Musgraves showcases unexpected talent in Golden Hour
Alicia Keys’ surprise announcement of Golden Hour as Album of the Year at the 61st Annual Grammy Awards caught most of us off guard. Between Musgraves’ own immediate astonishment and many viewers’ “Wait, who is she?” moment, it’s easy to wonder how an album yet to certify gold and virtually unheard of on radio managed to rack up four Grammys in one night.
Perhaps even more intriguing are the likely reasons for its radio silence and critical success: unparalleled genre challenges, inventive lyricism with artistic risk, and the fact that so many simply connected with it.
Kacey Musgraves has never been traditional country. In fact, it’s probably easier to argue over what traditional country is than for anyone to actually fit inside it—Musgraves has consistently shown contention over Nashville’s obsession with an “I’m more traditional country than you” attitude. Her breakout record, 2013’s “Merry Go Round,” was an honest, slow-country story song that introduced her unique brand of subversive lyricism to the world.
That soon evolved to the LGBT-affirming lyrics of “Follow Your Arrow,” a positive hook-heavy anthem that was promptly shut down by country radio at large. When a queer fan described the feeling of country music as being “a big party that I wasn’t invited to,” Musgraves shot back with an “Oh my god, you’re invited to my party. It’s crazy that a certain kind of a person could feel excluded from a genre that’s so real—or supposed to be so real. That has always really pissed me off.” Her irritation must have mended as her diverse audience only grew; her performance of “Rainbow,” an angelic serenade for any struggling person under the rainbow, was the perfect culmination of her progression mere minutes before her big win.
Thankfully, she built on the solid and disruptive bedrock of her 2013 debut, Same Trailer Different Park, crafting a forward-thinking first studio album that echoes country songwriting while simultaneously bending its DNA and riding it into the future.
“Born in a hurry, always late / Haven’t been early since ’88 / Texas is hot, I can be cold / Grandma cried when I pierced my nose,” she sings amid the strums of album opener “Slow Burn.” One thing Musgraves has always had in common with Nashville is a particular lyrical precision. Before Hour, Musgraves was known for lines playfully sharp, plentiful in wordplay and detailed description. Although the lyrics on Hour are often grounded, production tends to drift into the galactic. “Space Cowboy,” fresh off a Grammy win, is forlorn and steadfast as Musgraves’ crystal voice echoes majestically into what sounds like deep space. “You can have your space cowboy / I ain’t gonna fence you in,” she croons alongside string plucks before repeating lyrics through a vocoder that sounds as if her signature twang is being abducted by aliens.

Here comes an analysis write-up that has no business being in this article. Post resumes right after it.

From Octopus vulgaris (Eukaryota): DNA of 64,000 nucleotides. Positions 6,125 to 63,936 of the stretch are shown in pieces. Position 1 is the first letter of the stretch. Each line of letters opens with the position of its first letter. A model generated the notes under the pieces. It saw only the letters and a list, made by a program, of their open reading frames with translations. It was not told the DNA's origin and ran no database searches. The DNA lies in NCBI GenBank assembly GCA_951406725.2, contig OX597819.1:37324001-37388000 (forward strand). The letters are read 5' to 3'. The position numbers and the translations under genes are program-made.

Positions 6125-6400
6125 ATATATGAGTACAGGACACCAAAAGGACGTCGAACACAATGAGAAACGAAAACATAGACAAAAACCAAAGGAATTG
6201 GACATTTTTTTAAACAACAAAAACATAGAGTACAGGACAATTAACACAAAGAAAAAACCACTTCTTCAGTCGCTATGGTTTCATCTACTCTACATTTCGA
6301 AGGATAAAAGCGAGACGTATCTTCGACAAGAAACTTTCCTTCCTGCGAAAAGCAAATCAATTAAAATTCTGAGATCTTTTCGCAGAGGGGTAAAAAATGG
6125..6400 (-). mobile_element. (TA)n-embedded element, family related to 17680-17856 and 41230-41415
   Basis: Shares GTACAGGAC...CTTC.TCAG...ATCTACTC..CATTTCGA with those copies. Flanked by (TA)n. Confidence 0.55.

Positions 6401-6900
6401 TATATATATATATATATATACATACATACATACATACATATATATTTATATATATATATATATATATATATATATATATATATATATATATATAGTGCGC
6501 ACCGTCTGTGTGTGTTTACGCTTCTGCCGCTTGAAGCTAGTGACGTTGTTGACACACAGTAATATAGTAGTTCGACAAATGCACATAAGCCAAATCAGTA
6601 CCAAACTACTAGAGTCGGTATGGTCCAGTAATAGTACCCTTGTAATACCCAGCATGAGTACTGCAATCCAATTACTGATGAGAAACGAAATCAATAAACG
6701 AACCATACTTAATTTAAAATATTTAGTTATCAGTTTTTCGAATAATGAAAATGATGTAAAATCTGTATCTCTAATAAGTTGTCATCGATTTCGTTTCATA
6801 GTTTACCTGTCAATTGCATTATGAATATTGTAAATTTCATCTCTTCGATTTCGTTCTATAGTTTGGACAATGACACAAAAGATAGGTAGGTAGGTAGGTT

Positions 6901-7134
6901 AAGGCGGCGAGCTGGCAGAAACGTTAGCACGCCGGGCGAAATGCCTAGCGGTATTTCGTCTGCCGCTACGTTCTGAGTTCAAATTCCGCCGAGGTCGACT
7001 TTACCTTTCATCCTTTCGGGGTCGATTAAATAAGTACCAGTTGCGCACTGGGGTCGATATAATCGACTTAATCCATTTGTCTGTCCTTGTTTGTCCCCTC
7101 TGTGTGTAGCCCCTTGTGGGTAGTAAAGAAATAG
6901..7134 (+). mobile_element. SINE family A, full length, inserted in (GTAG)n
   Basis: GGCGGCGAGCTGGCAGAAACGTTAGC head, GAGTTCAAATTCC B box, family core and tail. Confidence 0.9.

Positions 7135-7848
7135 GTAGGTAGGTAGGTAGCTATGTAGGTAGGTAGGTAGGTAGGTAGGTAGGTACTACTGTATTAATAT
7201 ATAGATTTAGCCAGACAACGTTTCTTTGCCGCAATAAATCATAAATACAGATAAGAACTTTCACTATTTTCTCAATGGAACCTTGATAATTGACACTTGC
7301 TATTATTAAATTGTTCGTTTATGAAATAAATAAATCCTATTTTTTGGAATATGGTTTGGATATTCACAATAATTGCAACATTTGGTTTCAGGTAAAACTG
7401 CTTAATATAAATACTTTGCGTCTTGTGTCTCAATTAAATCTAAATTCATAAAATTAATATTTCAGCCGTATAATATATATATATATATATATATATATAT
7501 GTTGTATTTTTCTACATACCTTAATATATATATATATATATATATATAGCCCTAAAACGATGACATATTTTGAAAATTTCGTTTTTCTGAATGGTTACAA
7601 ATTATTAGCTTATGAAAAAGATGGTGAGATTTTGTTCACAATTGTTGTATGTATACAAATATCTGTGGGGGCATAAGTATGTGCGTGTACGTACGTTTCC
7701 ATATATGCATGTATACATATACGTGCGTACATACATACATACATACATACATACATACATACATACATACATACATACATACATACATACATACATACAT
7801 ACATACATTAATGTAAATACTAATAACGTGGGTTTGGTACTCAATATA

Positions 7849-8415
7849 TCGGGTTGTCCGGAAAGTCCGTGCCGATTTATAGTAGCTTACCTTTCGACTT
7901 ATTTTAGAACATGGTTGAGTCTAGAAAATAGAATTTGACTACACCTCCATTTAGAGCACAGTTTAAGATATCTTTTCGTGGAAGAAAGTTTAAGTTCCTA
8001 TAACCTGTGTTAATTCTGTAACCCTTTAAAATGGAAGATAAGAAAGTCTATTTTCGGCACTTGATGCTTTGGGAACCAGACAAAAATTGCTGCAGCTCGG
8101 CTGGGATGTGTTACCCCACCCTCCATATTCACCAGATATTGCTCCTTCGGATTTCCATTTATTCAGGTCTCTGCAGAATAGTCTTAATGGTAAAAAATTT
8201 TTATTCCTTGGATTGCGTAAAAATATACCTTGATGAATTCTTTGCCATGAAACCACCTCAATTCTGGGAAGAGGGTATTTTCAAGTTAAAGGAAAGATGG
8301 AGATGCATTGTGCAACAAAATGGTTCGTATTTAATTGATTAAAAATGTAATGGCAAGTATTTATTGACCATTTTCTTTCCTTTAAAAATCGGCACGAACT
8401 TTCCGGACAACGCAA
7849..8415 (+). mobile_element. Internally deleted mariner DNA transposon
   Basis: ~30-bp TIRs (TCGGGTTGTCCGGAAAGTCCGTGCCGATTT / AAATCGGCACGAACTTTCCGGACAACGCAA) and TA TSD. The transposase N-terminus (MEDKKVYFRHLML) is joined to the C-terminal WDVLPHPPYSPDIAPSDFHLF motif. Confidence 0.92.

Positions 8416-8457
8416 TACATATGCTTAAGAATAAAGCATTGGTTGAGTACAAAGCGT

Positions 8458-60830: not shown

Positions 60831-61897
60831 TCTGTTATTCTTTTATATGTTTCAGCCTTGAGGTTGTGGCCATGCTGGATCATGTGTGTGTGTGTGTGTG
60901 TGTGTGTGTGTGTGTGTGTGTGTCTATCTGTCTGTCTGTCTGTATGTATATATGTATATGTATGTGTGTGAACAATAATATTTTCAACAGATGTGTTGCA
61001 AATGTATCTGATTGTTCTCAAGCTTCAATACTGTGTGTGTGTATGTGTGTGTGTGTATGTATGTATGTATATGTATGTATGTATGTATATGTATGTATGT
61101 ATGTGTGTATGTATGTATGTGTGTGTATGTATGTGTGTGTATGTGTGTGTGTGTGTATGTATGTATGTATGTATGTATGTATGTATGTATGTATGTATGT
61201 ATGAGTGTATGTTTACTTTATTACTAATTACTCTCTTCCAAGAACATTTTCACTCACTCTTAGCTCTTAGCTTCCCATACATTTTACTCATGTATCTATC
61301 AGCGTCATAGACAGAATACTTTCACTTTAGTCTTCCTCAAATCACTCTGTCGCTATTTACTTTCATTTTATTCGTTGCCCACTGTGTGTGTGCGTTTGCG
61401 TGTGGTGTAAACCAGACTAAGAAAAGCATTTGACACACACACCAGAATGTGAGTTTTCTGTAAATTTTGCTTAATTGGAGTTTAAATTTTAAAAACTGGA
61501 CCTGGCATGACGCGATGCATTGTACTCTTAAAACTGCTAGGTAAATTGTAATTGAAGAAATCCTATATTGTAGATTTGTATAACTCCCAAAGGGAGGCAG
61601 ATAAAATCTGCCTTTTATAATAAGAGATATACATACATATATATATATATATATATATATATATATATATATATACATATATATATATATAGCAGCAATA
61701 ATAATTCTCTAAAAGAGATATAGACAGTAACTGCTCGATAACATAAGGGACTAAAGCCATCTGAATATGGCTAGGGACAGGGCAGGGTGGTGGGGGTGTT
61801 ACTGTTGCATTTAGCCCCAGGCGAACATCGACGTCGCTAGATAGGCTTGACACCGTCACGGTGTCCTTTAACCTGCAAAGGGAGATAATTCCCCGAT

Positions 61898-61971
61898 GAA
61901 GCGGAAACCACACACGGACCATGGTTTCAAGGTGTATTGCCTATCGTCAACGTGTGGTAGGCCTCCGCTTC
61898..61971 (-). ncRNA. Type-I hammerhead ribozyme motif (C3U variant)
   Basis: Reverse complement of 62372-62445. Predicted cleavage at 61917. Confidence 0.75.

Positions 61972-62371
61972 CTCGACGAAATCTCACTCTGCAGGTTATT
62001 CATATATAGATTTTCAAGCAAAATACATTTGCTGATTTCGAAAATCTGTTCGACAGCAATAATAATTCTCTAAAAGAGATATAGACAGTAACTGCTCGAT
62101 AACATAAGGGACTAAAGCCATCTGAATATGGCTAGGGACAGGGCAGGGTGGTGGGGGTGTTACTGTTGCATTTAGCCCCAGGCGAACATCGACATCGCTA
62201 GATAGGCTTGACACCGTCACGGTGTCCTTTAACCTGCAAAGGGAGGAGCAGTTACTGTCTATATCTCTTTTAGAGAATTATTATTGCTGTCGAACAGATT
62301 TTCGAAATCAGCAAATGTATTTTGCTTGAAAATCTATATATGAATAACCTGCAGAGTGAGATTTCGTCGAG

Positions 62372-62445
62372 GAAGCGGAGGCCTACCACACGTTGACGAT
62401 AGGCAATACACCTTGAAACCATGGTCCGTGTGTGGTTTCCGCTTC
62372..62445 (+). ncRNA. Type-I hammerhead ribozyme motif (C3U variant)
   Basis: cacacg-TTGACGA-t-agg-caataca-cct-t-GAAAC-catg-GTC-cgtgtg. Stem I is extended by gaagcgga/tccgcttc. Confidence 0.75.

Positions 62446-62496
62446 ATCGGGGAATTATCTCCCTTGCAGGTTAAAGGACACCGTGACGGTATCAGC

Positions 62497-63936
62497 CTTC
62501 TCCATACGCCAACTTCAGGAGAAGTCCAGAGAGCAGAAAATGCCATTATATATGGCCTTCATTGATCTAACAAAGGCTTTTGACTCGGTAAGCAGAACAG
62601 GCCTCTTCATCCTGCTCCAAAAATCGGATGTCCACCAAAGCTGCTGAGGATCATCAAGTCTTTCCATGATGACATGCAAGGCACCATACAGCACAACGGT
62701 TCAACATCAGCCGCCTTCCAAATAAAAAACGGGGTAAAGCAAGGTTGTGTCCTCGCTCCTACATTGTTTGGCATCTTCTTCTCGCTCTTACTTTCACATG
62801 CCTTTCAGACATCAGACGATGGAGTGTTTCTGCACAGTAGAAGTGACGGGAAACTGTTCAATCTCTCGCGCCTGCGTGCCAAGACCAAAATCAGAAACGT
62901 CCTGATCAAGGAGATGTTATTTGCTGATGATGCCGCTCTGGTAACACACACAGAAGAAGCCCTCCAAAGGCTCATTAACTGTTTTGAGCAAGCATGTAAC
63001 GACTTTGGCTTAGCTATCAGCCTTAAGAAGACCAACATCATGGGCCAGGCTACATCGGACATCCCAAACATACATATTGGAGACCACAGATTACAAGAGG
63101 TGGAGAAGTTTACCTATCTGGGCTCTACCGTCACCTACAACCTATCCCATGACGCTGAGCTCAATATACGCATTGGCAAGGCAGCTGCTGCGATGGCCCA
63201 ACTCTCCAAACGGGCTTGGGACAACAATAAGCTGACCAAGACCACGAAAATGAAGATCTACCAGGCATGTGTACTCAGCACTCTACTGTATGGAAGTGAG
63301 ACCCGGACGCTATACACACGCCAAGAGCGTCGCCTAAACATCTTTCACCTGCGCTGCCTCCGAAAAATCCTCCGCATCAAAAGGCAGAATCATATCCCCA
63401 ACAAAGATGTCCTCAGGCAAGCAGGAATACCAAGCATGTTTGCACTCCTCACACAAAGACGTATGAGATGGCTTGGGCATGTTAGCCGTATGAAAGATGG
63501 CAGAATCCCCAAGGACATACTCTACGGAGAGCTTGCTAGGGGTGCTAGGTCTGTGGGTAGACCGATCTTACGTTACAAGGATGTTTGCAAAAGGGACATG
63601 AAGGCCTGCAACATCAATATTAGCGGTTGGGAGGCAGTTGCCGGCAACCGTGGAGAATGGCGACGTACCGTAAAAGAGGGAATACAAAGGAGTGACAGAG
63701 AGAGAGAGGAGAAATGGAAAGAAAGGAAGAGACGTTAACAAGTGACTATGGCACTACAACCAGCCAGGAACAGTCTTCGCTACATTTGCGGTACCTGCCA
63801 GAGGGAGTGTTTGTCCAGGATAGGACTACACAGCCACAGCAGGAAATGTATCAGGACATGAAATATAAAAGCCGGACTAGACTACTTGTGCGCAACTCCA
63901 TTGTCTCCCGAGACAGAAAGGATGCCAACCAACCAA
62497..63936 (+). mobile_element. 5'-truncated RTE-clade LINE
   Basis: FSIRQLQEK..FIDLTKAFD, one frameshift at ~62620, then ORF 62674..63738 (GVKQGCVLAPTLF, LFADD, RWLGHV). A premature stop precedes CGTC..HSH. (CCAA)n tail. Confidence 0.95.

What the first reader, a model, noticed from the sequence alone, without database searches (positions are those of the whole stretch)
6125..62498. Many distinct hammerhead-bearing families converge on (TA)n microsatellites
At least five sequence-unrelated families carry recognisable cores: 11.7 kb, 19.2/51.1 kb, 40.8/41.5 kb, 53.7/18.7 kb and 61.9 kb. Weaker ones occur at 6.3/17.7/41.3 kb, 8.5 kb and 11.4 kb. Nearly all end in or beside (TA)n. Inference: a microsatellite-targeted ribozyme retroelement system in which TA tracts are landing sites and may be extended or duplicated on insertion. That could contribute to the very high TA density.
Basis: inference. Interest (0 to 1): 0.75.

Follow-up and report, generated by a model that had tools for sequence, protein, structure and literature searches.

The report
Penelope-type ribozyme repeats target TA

Although her brand of music has been genre-shamed before, Golden Hour stands on its own as a solid, clear step forward into uncharted territory. It’s her most cohesive work while simultaneously holding the title of most adventurous. Instead of playing within the pastures of expected country, Musgraves focuses on reinventing genre tropes and ushering in new experimental sounds. She even managed to compliment country croons with disco beats on “High Horse” with remarkable cohesion. Her personal life is illustrated with newfound liberation, focusing as much on everyday beauty as big-picture gratefulness and introspection. It’s almost as if she’s experiencing everything anew with childlike wonder, then making paradoxically metaphoric observations of them.
There’s no one like Musgraves, in or apart from country music. Golden Hour is a masterstroke in genre-bending experimentation, illuminating the respectful and intrepid progression of an artist as well as a genre as a whole. It’s Kacey Musgraves’ golden hour, and she just might have daringly ushered us into an undefined golden age.